France - Off the beaten track
Balzac described Corsica as 'a French island basking in the Italian sun', but the island has a singular character that is entirely its own. This beautiful, wild outdoor playground is the ultimate après outdoor destination - physical exertion in the elements by day, French wine and cuisine by night, and a peaceful night's sleep to boot.
Not for nothing is Corsica called l'îsle de beauté (the island of beauty). The delicately-shaded capital, Ajaccio, is a shrine to its famous native son Napoleon. The rest of the island is like a miniature continent, with marshes, mountains, coastline and a small uninhabited desert.
Grasse has served the country well in the art of perfume production for centuries. It is here that master perfumers - called nez (noses) - train their probosci for seven years to recognise around 6000 scents. The town, with its distinctive orange roofs sheltering densely packed cottages, was heaven-sent for flower fans.
Grasse and its surrounds produce some of France's most highly prized flowers, including lavender, jasmine, centifolia roses, mimosa, orange blossom and violets. In springtime, the green-fingered should take a stroll around Jardin de la Villa Noaille. Of the 40 perfumeries, only three are open to the public.
This wild and beautiful island epitomises the rugged Brittany coast. An old local saying 'Qui voit Ouessant voit son sang' ('He who sees Ouessant sees his blood') expresses its untamed nature and the fear inspired by its powerful currents and treacherous rocks. There are stunning walks and amazing scenery.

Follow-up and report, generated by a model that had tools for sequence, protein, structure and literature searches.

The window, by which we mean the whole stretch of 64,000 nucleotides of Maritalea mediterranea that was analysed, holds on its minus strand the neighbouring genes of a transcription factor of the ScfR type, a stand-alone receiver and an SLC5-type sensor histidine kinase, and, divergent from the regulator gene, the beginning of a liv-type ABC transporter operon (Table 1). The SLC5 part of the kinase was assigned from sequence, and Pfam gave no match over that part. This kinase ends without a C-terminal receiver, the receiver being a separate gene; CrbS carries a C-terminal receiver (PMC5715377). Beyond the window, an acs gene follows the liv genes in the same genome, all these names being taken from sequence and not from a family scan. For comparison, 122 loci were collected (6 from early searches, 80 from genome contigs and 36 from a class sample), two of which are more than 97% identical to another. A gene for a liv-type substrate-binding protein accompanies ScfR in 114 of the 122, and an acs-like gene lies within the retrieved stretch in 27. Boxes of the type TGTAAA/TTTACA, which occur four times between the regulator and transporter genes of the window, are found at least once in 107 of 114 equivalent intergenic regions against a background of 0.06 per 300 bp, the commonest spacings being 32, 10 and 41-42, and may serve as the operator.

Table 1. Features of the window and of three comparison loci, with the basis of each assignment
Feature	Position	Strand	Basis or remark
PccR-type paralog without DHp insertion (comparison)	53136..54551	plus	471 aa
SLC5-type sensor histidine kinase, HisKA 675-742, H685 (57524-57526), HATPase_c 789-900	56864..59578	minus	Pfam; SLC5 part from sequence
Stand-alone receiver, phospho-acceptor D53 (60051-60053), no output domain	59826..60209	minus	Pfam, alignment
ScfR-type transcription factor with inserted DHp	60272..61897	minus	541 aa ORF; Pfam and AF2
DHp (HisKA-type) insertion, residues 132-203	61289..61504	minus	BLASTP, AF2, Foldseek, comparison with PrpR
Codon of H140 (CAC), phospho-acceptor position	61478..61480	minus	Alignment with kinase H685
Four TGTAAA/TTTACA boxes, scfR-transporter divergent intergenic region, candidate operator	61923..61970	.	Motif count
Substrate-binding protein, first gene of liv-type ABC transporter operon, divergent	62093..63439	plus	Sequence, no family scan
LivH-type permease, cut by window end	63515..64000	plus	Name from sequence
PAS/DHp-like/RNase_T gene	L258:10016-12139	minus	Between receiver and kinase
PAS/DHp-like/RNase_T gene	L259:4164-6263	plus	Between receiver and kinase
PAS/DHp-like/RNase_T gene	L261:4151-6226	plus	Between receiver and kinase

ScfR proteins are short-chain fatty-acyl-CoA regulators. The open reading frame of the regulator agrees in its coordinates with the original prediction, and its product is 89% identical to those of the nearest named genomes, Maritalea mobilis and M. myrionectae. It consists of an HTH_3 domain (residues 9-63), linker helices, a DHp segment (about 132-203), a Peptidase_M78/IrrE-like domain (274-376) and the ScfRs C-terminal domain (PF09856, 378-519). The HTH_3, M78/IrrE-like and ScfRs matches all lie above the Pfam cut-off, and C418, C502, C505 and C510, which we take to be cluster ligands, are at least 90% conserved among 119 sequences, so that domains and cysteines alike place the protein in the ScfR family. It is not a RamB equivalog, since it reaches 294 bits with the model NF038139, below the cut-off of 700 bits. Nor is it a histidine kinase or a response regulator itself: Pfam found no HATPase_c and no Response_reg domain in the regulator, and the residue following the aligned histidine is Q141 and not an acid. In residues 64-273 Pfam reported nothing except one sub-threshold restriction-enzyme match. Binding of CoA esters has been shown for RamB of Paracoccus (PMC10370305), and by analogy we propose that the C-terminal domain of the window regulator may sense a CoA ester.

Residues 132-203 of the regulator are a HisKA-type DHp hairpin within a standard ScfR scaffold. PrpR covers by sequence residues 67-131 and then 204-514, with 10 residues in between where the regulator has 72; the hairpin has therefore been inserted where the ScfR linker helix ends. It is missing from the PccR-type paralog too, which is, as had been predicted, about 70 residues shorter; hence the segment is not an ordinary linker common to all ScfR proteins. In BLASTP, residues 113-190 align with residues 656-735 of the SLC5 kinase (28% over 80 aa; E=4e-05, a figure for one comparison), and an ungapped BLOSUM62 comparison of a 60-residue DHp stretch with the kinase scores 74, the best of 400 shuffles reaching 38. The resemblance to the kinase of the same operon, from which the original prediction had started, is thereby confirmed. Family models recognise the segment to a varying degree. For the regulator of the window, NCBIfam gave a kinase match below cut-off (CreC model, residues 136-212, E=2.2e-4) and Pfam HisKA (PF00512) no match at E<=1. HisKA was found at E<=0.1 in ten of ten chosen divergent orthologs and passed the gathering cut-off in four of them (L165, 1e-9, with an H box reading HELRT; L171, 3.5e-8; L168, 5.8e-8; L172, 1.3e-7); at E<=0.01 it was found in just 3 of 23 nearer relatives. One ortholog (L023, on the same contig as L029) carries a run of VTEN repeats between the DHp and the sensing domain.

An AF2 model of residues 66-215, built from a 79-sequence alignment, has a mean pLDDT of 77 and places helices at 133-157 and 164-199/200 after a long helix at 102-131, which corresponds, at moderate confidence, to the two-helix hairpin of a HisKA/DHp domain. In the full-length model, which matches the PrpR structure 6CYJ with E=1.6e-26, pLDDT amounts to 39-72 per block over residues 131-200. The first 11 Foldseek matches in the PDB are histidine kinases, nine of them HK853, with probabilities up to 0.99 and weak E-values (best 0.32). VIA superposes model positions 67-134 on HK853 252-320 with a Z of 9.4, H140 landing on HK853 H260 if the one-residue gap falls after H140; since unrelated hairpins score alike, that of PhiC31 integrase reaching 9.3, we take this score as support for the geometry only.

Lampaul is the main village of the island, but it is only a tiny huddle; the most interesting things to do here are to visit the phares (lighthouses) and to walk along the island's rocky coastline.
The tiny walled town of Vézelay, another of France's exasperating number of heritage spots, is surrounded by some of the most beautiful countryside in Burgundy - a patchwork of vineyards, sunflower fields, brunette furrows of farmland and stacks of hay reinventing Impressionism. Originally built on a hilltop for defence purposes, it became an important site of pilgrimage in the 10th century and later a gathering place for crowned heads and grandees embarking on the Crusades.
Vézelay's focal point is the Basilique Sainte Madeleine, a former abbey church that was founded in the 9th century. During the Middle Ages, it housed what were believed to be the relics of St Mary Magdalene, which ensured a steady stream of pilgrims on her saint's day, 22 July. This tradition continues, and every year celebrations include a procession in which the relics are paraded around town. Magnificently restored, the church features a tympanum that is considered a masterpiece of Burgundian-style Romanesque architecture, grotesque carvings, sculpted capitals and an enormous nave. Behind the basilica is a park that has wonderful views of the Cure River valley and nearby villages, while walks in almost any direction will deposit you in rural loveliness.
Vézelay is 15km (9mi) from Avallon, 51km (31mi) from Auxerre, and lies within the Parc Naturel Régional du Morvan.